Monday, November 26, 2012

Ireland Abortion Laws: What do you think of the case of Savita Halappanavar

The recent case of Savita Halappanavar, a dentist who apparently died from blood poisoning due, in part from, some say, because she was unable to get an abortion in Ireland has blown up the Pro Life/Pro Choice debate.

According to some reports, Halappanavar was already carrying a 17 week old baby who had died in her womb, and hospitals were still unable to perform the process to remove the fetus. Other reports say the baby still had a heartbeat at the time of the termination request.

In any case, it calls attention to the Pro Life/Pro Choice debate and the situation in Ireland where some pro choice groups complain that women must go to the UK to get abortions in the cases of rape, incest or other tragic circumstances. 

Whatever your stance, read on about this interesting and controversial case.. tell us what you think.

 (From the BC Catholic Paper)

Pro-lifers warn against snap judgments regarding Ireland abortion case

Following the death of a pregnant women in Ireland who was denied an abortion, pro-life voices are advising careful examination of the circumstances rather than abortion advocacy.

Debate over Irish abortion law has been heated since news broke of Savita Halappanavar, a 17-week pregnant woman who died in a Galway hospital on Oct. 28.

Halappanavar's autopsy has revealed that she died of blood poisoning and E. coli ESBL, an antibiotic-resistant strain of the bacterium.

“Instead of jumping to the conclusions that Halappanavar needed an abortion and that Ireland needs to legalize the killing of the youngest of its kind, the reasonable approach would be to get to the bottom of what Halappanavar’s condition was and examine how it was, or was not, responded to,” wrote Stephanie Gray, executive director of the Canadian Centre for Bio-Ethical Reform Nov. 20.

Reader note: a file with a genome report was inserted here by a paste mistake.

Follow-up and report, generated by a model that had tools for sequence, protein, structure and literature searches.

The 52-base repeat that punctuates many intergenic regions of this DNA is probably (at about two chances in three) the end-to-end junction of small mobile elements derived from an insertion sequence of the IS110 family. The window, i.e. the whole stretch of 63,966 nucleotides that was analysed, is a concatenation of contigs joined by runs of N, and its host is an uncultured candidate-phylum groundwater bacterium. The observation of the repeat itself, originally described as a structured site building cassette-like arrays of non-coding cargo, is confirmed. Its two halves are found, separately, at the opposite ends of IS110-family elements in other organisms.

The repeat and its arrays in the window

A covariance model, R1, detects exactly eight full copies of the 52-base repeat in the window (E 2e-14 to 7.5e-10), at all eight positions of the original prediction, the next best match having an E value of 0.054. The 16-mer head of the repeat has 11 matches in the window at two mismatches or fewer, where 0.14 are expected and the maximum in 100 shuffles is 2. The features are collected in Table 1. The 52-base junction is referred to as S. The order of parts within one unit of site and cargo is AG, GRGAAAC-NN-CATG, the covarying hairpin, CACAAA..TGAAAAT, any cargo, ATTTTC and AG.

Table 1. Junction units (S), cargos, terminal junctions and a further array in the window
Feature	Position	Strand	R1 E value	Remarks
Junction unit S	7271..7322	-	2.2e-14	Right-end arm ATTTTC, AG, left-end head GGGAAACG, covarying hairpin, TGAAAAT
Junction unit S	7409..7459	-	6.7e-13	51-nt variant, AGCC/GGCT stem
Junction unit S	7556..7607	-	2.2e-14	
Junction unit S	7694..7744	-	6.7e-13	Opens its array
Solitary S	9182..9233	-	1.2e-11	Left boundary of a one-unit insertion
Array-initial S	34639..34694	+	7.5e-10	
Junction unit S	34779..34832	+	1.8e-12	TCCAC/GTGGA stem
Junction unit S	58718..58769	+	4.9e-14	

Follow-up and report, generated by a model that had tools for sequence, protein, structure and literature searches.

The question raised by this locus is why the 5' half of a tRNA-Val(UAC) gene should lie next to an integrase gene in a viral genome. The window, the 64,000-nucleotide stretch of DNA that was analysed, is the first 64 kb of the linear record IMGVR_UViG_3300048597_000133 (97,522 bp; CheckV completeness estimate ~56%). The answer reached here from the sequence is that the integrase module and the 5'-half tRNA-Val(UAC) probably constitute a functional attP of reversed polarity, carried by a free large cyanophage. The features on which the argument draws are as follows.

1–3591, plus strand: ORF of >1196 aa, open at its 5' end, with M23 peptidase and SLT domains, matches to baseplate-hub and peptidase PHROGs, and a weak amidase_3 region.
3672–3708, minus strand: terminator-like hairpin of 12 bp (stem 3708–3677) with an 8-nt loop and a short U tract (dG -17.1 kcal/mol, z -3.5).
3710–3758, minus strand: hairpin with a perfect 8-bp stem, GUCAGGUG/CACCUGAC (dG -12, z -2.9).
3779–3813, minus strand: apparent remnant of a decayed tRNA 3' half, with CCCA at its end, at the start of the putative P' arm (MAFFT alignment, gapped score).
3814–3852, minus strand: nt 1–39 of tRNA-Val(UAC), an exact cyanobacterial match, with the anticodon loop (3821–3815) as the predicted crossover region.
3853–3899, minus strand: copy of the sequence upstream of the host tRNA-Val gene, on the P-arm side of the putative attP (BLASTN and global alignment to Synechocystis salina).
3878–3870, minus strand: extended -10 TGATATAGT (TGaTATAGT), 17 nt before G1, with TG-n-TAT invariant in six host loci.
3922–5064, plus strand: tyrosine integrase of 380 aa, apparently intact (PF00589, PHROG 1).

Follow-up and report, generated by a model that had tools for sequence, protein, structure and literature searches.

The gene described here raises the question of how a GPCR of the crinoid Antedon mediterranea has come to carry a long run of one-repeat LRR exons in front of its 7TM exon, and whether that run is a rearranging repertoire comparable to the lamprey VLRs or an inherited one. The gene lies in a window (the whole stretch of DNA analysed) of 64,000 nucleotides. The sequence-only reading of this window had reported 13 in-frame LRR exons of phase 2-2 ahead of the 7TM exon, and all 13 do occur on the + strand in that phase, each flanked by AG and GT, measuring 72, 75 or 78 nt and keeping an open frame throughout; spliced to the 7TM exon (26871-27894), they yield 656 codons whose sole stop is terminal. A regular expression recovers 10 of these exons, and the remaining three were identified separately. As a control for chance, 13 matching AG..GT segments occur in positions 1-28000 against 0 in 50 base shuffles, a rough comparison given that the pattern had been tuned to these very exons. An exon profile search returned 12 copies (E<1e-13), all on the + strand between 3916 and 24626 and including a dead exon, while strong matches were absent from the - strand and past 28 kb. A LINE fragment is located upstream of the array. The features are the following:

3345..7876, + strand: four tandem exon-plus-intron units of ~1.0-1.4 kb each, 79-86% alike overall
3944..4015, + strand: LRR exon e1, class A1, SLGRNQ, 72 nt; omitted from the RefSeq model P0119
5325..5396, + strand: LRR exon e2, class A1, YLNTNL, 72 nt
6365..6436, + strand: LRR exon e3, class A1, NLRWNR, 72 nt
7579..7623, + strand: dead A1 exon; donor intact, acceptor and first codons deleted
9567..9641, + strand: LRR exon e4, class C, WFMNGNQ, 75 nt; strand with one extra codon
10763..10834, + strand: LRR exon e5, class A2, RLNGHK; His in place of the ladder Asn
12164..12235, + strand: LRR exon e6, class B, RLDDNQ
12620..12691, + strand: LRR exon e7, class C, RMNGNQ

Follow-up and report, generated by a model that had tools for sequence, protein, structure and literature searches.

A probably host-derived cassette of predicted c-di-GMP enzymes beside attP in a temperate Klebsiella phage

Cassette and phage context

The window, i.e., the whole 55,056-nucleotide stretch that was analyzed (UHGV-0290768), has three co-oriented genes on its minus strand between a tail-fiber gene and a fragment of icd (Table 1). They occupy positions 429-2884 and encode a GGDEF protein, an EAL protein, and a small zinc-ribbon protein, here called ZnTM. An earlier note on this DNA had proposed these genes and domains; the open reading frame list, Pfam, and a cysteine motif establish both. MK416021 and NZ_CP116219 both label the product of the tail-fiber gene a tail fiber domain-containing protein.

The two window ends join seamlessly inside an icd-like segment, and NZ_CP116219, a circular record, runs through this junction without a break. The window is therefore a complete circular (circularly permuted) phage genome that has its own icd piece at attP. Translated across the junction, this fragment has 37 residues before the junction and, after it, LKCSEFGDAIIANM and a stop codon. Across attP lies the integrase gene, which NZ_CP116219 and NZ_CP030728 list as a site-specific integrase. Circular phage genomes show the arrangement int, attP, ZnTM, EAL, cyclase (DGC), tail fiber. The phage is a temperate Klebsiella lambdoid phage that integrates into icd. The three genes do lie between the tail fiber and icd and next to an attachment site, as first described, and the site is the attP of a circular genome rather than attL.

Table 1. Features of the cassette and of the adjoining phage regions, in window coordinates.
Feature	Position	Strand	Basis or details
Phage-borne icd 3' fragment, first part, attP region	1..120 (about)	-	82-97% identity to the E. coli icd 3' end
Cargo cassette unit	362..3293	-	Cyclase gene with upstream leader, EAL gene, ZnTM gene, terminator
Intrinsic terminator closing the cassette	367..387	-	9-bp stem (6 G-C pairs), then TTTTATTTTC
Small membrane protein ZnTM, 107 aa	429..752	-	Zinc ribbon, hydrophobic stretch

E. coli ESBL has recently spread throughout the U.K., causing urinary tract infections which can develop into blood poisoning.

“The presence of E. coli ESBL is particularly problematic if Halappanavar was given antibiotics to fight an infection that was resistant to those very antibiotics,” Gray said.

Both the Irish health department and University Hospital Galway are making independent inquiries into the circumstances of Halappanavar's death.

On Oct. 20, she went to the hospital suffering severe back pain and there found she was miscarrying. She then requested an abortion, but was told medical staff would not make such a move as long as her daughter had a heartbeat.

Prasa, the child, died four days later, and after another three days Savita succumbed to blood poisoning and E. coli ESBL.

“We have yet to hear from the hospital and the medical professionals involved as to what precisely happened, but with this report of her dying from E. coli ESBL one wonders how killing Halappanavar’s baby Prasa would have killed the E. coli,” Gray noted.

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Note: The above article is from a Catholic newspaper. Other new sources may report the story differently.

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